One of the Monday highlights to me was the Keynote Edelman Reprise, showcasing the winner of the Edelman Award 2009. In this session the emphasis is on showcasing the value OR brings. This is a skill we all need and I still have a lot to learn. It is not the elegance and depth of the methods, but the value and the impact of the solution that attracts people’s attention and earns the appreciation. This is true in marketing our own field, showing how to do good with OR for example. But it is also true when teaching students or courting potential customers.
A statement that resonated with me concerned the observation that the Hewlett Packard OR team had to bridge an organizational divide between marketing and supply chain. In pricing, a field I consider my home turf, we run into this type of situation often. When working with marketing or product management departments on the one hand and teams responsible for production scheduling or inventory management on the other hand, it is not uncommon to find that these folks barely know each other. Part of our job is to make these teams work together. Sometimes it seems that therapeutic value of OR is more essential then the actual OR we perform.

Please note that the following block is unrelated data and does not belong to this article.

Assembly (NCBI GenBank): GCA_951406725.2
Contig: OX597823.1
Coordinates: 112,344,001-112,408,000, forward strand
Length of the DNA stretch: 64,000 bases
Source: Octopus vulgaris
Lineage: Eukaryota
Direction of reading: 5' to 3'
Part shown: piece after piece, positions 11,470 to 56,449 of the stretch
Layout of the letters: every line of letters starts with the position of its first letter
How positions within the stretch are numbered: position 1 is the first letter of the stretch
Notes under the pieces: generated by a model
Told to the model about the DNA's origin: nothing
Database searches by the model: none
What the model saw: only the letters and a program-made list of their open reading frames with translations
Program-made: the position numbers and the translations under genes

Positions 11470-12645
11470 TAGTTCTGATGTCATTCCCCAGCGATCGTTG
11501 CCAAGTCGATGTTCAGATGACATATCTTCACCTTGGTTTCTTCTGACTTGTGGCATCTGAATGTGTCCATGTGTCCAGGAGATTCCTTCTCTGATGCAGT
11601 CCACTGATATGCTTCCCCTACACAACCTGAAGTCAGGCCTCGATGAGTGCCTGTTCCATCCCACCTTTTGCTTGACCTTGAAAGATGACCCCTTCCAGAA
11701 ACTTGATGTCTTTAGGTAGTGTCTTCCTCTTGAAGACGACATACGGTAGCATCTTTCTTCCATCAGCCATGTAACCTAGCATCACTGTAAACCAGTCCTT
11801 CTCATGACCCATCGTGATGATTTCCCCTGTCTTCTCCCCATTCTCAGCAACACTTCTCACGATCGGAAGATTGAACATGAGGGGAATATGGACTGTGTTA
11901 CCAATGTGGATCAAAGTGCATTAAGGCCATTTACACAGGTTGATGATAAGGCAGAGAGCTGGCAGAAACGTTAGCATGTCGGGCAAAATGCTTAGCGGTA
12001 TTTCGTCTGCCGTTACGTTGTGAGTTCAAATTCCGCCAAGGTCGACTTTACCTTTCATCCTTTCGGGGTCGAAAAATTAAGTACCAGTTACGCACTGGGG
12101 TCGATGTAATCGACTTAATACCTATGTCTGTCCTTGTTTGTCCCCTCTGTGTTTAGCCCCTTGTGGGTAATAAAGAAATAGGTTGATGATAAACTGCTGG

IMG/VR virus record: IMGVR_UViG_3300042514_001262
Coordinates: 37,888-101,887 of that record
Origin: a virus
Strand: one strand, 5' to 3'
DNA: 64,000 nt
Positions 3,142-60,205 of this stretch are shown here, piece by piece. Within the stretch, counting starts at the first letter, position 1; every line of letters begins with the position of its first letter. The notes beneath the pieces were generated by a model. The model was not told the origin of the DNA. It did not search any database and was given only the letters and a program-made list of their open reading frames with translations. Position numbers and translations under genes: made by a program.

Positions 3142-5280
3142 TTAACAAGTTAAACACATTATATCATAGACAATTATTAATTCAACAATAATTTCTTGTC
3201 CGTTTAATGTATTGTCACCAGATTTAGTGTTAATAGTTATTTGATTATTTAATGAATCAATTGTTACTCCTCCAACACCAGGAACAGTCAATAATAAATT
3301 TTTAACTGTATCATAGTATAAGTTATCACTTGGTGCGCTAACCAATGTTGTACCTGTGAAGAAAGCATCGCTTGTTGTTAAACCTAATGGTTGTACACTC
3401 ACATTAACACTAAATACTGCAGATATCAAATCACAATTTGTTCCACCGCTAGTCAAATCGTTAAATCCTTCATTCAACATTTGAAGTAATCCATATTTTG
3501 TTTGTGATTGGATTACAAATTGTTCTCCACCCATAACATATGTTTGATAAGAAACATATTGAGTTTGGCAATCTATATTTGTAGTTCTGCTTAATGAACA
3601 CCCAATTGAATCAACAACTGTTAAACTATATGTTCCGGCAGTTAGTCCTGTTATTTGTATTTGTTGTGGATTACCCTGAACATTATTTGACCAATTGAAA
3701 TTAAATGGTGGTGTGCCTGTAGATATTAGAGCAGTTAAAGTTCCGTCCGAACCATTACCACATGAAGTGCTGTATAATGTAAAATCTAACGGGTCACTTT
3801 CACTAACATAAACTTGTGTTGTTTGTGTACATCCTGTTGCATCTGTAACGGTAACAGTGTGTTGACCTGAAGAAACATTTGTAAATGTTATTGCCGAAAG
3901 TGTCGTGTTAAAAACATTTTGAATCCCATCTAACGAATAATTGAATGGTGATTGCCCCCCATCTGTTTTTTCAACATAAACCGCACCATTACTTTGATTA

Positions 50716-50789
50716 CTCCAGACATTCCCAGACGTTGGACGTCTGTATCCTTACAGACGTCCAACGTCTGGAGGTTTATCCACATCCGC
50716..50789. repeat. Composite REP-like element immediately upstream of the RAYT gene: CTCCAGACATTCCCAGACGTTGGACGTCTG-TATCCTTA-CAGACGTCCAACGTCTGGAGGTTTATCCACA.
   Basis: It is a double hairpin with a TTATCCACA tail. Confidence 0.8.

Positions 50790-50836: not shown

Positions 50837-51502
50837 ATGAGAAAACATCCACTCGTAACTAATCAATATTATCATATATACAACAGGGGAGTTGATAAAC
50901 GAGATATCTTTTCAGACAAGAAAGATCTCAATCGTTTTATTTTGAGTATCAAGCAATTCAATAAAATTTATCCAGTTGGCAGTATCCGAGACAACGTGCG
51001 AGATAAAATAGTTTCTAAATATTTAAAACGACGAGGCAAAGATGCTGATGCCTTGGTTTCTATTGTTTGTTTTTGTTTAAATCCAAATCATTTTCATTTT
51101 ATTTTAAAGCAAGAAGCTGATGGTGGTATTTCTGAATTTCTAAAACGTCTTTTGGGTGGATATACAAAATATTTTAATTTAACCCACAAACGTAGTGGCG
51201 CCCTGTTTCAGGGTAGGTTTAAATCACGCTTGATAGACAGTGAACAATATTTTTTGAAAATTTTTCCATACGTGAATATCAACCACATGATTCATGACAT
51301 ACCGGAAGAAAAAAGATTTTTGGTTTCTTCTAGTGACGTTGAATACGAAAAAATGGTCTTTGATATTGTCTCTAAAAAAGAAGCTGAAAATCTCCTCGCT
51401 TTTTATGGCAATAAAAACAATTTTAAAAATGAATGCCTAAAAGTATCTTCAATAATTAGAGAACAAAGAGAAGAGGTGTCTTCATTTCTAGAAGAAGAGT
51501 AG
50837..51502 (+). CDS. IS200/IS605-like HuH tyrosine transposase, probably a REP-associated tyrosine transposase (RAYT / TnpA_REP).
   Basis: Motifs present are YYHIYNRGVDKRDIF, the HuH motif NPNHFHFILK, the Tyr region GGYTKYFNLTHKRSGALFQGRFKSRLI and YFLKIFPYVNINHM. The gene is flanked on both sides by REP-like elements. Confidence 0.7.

I also very much liked the method of selecting which SKUs to drop from the line up. The method is very elegant but, perhaps more importantly, the argument why the method is better is very well articulated in business terms: it makes common sense to look at the number of orders you can fulfill with your product portfolio instead of using an individual product statistic such as revenue per SKU.
If you picked up the Edelman Award CD I’d recommend taking some time reviewing it. It’s much better than my blog. If you did not pick up the CD yet, then here is something you could do sometime the coming two days:
Make sure you pick up your free copy of the Edelman Award CD at the INFORMS booth!
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